Last weekend I grabbed my friend Tim and we drove down to Red Bank, New Jersey, to the Count Basie Arts Center to watch Jersey’s favorite son, Kevin Smith, introduce his latest film, CLERKS III. It just makes sense to see him here; I live in New Jersey, now. When I first was introduced to his vision of the world, almost thirty years ago, I lived in a small town in Texas. Even then, though, his specific version of heightened reality struck me as universal. To feel lost in a life that we feel we have little control over; to be passengers in our own existence, eking out a living doing something we loathe and escaping to the silver screen. CLERKS resonated with so many people when it arrived because Kevin Smith spoke our language, one that was crude and unfiltered. In the thirty years since, he has, let’s say, a checkered reputation as a director but there are very few of his films that I’ve deliberately skipped. While 2019’s JAY & SILENT BOB REBOOT was a fun if flawed film, CLERKS III is a legitimately good movie and a poignant love poem from Smith for his fans, his characters, and his humble beginnings.
Check out the trailer:
This review isn’t intended to sell the uninitiated to the View Askew Universe but rather to let those who are interested and on the fence about giving this threequel a try know that yes, it’s worth it. As I said, this film is actually good, as opposed to the last Jay & Silent Bob outing which was serviceable, at best. It does all the same things that the REBOOT did, with celebrity cameos and callbacks aplenty while still maintaining a foothold in reality that sets the CLERKS films apart from Jay & Silent Bob’s title adventures. Don’t misunderstand me: I like JAY & SILENT BOB STRIKE BACK and REBOOT, but something happens when the View Askew characters leave New Jersey. Maybe it’s Smith’s metacommentary on the world outside the borders of his home state, but when the characters get into a van and head out to Hollywood, all reality falls away, and we’re left with monkeys and Iron Bob suits. In Jersey, we remain something like ourselves.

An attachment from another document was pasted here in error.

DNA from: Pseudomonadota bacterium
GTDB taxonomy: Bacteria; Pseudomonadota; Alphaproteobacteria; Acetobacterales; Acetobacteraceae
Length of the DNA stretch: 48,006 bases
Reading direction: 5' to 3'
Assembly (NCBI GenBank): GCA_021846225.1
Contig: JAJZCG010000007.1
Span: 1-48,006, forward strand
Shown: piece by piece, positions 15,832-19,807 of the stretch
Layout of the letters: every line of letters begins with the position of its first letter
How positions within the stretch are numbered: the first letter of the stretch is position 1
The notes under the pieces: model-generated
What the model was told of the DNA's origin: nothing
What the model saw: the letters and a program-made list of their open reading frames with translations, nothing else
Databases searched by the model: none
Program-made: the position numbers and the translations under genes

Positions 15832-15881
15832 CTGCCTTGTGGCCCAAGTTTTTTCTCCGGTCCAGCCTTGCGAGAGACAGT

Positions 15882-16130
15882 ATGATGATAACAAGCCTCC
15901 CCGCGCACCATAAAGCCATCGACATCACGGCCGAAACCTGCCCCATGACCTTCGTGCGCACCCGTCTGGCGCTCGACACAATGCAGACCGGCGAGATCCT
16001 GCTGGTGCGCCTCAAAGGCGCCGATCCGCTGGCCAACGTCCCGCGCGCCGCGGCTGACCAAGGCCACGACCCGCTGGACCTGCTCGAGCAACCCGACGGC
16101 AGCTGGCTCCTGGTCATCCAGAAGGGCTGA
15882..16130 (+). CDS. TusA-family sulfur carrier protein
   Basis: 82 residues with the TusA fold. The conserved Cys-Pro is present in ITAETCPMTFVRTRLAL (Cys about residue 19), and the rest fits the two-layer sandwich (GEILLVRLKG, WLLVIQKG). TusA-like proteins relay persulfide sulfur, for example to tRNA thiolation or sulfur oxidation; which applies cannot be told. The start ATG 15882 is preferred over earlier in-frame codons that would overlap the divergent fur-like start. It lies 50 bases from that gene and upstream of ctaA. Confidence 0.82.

The Quick Stop is resplendent in its mediocrity, and every living actor that made the first film such an enduring piece of pop bubble gum return to reprise their roles. The casting montage is one long laugh that has to be viewed twice just to take it all in. (Seriously, I need to see the film again to catch everything that the sold-out crowd laughed over.) Some of the acting is atrocious, some of it is exceptional, but all of it lends to Smith’s artistic vision. This film, more than any in his oeuvre, explicitly states his career-spanning purpose: to tell each and every one of us that we, individually and collectively, have a story to tell. Tell it loud, ugly, dirty, and true, just tell it.
Smith gushed before the screening about being able to film CLERKS III entirely in New Jersey, a feat he hadn’t been able to replicate since his first film. “The Motherland, the Cradle of Fucking Civilization,” as he refers to it, is captured onscreen in a way that I wasn’t able to appreciate as a young man. It actually wasn’t until I was driving away from this screening that I saw the Middletown Clown, just off 35, which has become an indelible visual of the View Askew Universe, that everyone lost their freaking minds about when it appeared onscreen. To see this film in New Jersey, with a paying New Jersey audience, was a wonderful experience. Opening the film with My Chemical Romance’s “The Black Parade” was a surefire way to get that audience on his side (as if they weren’t already) and speaks to Smith’s empathic knowledge of his audience.
After the film, Smith returned to the stage, accompanied by Brian O’Halloran (Dante) and Marilyn Ghigliotti (Veronica), whose part was actually quite small in the first draft until Smith saw the passion she brought to the character. They shared their experiences returning to these iconic roles and what future may be ahead of them. Smith himself said “I promise you right now from this stage, as long as there is fucking breath in my lungs, there will be the potential for another CLERKS.” I won’t say anymore as I don’t want to spoil the film. If you’ve been looking for a sign to go see it, here it is:
The film is hitting theaters for one week starting tomorrow in a limited engagement through Fathom Events as well as coming to several cities with Smith, himself, as part of the Convenience Tour. Information and tickets are available at the official website, https://clerks3.movie/
Until next time, I'll see you at the Movies!
-McEric, aka Eric McClanahan-